Military veterans Kris Hummel (l) and Shane Foley, speak with a TSA representative at a May 15, 2012 job fair in Utica, NY.
Credit Spencer Platt / Getty Images
How to convince voters that while the economy isn't roaring, the situation is still improving?
That's President Obama's challenge, made more difficult with every passing month where the jobs report disappoints, as on Friday. The latest Labor Department report informed us that only 69,000 jobs were created in May, less than half what analysts had forecast. Meanwhile, the jobless rate ticked up a tenth of a percentage point to 8.2 percent.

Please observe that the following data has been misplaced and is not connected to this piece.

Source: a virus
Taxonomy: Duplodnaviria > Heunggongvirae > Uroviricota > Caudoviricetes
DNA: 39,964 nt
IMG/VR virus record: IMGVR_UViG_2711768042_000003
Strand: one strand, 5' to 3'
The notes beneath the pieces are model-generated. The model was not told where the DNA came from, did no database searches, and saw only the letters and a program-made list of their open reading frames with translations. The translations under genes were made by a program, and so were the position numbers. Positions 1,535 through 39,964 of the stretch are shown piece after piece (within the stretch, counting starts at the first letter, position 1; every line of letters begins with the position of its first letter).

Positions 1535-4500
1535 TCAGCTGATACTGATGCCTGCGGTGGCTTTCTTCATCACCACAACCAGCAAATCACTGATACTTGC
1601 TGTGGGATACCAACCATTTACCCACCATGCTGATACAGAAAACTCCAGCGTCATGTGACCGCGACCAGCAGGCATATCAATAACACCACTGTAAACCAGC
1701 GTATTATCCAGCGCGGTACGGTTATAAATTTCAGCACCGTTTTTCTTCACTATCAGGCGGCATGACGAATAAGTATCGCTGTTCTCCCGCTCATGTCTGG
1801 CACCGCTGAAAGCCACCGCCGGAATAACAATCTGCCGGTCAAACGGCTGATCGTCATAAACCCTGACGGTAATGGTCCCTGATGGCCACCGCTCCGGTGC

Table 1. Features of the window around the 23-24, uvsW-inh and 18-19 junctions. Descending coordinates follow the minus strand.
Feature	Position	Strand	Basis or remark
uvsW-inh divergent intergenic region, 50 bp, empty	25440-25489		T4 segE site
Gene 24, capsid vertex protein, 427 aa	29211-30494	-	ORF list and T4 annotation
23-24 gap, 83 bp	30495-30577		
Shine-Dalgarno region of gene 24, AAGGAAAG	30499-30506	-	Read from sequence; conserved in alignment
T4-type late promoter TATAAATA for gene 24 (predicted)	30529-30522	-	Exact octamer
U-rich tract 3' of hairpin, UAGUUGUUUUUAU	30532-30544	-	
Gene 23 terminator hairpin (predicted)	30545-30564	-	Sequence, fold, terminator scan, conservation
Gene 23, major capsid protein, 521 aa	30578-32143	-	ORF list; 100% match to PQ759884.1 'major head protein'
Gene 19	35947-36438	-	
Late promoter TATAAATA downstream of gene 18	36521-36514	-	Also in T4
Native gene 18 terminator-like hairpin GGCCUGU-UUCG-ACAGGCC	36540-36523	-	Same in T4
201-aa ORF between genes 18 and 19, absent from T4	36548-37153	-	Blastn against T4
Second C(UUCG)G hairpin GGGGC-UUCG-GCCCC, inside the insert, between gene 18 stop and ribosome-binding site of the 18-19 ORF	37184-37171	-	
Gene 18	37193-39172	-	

Another piece of data to fit into a confusing employment jigsaw puzzle: this time, it's advertising for new jobs – U.S. companies in March posted the highest number of those in four years.
The Labor Department says some 3.74 million job openings were advertised for the month, the most since July 2008, about six months after the recession officially began but still just ahead of the financial meltdown.
What does it mean?
If you're an optimist, it means employers are feeling a bit more "robust" about the economy and want to add workers.